The Flash!


In my ongoing commitment to you, my dear friends, to actually accomplish my New Year’s Resolutions, I bring you today my first attempt at manual flash photography!

These were taken on the M6 (non-TTL) using a cheap-looking Metz 20 C-2 flash…all $40 of it.

They were hastily shot and developed on old PanF+ (ISO 50) this morning.






I am very much liking what I see here, and loving the world this opens up.

(I will likely blind my children in the next few months…)

Must. Pace. Self.




17 thoughts on “The Flash!

  1. says:

    Very well done Mark. I was thinking of trying the same with my DP3, in addition to the Ice Light I’ve been using.

    With regards to blinding your children, that’s the problem I’ve always had with flash β€” it’s intrusive (but it does open up opportunities as you say). Does the Metz you’re using not at least tilt so you can bounce the light indirectly?

    • mewanchuk says:

      Thanks Peter.

      You are quite correct–the Metz will tilt (and some of these were bounced…) but I’m still a little cautious, as I just wasn’t sure whether I’d get odd “downlit” effects and such.

      On the whole, I’ve gotta say that I’m actually happier with these than I ever was with digital TTL flash photography on the Cano-niko systems. Maybe I just didn’t know what I was doing. Or maybe the fancy cameras out-thought me. Or maybe it’s just B&W film.

      B&W film fixes everything. (Yes, even pictures of me…cuz I knew THAT was coming).



    • mewanchuk says:

      Thanks Bijan!

      The short answer is: You don’t!

      The long answer is, there are actually three ways to go about it: (Four, if you count off-camera metering with a manually regulated flash-gun…but that takes a few steps, and a flash test-fire).

      1. Option One Full manual: You set the camera at the flash sync speed (usually marked on the shutter speed dial) and then calculate the correct aperture (exposure) using the flash’s guide number at a certain ISO and distance. This is usually marked on an unintelligible chart on the back of the flash. This is not what I did.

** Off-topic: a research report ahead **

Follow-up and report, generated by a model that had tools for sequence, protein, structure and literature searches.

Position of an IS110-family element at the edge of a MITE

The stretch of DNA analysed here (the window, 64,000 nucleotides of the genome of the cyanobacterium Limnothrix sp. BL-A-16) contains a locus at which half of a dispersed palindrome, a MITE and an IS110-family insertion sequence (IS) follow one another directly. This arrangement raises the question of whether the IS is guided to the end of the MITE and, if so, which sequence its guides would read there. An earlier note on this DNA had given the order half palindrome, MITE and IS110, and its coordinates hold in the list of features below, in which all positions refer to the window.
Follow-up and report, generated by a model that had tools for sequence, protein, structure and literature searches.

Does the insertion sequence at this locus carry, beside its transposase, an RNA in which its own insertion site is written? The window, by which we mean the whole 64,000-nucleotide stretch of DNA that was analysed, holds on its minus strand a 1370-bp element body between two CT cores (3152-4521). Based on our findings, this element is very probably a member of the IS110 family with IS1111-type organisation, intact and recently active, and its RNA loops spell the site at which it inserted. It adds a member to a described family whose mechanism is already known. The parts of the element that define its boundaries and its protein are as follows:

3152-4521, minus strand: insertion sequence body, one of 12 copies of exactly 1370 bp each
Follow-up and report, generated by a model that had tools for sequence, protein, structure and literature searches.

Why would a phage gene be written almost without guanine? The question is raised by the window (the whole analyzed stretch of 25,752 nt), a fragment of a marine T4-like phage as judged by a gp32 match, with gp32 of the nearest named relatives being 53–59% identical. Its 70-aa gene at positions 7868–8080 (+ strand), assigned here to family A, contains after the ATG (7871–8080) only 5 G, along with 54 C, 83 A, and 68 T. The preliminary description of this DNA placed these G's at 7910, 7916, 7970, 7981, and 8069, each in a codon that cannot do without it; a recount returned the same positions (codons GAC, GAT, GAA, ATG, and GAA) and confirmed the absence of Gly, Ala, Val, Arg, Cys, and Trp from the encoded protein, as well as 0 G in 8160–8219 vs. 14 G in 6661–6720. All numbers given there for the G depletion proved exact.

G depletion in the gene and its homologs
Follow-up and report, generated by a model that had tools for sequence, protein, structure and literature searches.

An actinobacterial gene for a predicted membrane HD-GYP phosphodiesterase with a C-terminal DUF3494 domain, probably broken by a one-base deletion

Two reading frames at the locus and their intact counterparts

2. Option Two Full TTL: You get a TTL camera (M6 TTL, M7, or MP) and pair it with a TTL-capable flash. Leave the camera on flash sync speed (never changes) and pick an aperture. When you take the photo, the flash fires at the correct output required for proper exposure.

      3. Option Three Portion Thereof: This is what I did, and it is actually simpler than it seems. Despite being relatively inexpensive, the Metz C-2 actually has an auto-output function (different than TTL…important!) Again, you place the camera at flash sync speed, and leave it there–on the M6 Classic it is 1/50s. Next, there is a slightly more decipherable graph on the back of the flash which tells you two things: The aperture (or apertures) at which the auto function is designed to be utilized, and the maximum distance at which the flash will adequately output for proper exposure.

      In the case of the Metz, the auto function works at f/2.8 or f/5.6–there is a switch to indicate which. (The flash output assumes ISO100 film–you have to compensate slightly if your film is different). Essentially you set your lens to the aperture you have chosen on the flash, and then fire the photo. The flash has a sensor on it which will terminate the pulse once an adequate amount of output has been reached. It is not as fancy as TTL (you cannot pick any aperture) but it still works fairly elegantly. My film was ISO50, so I used a set aperture of f/2, even though the flash was set for f/2.8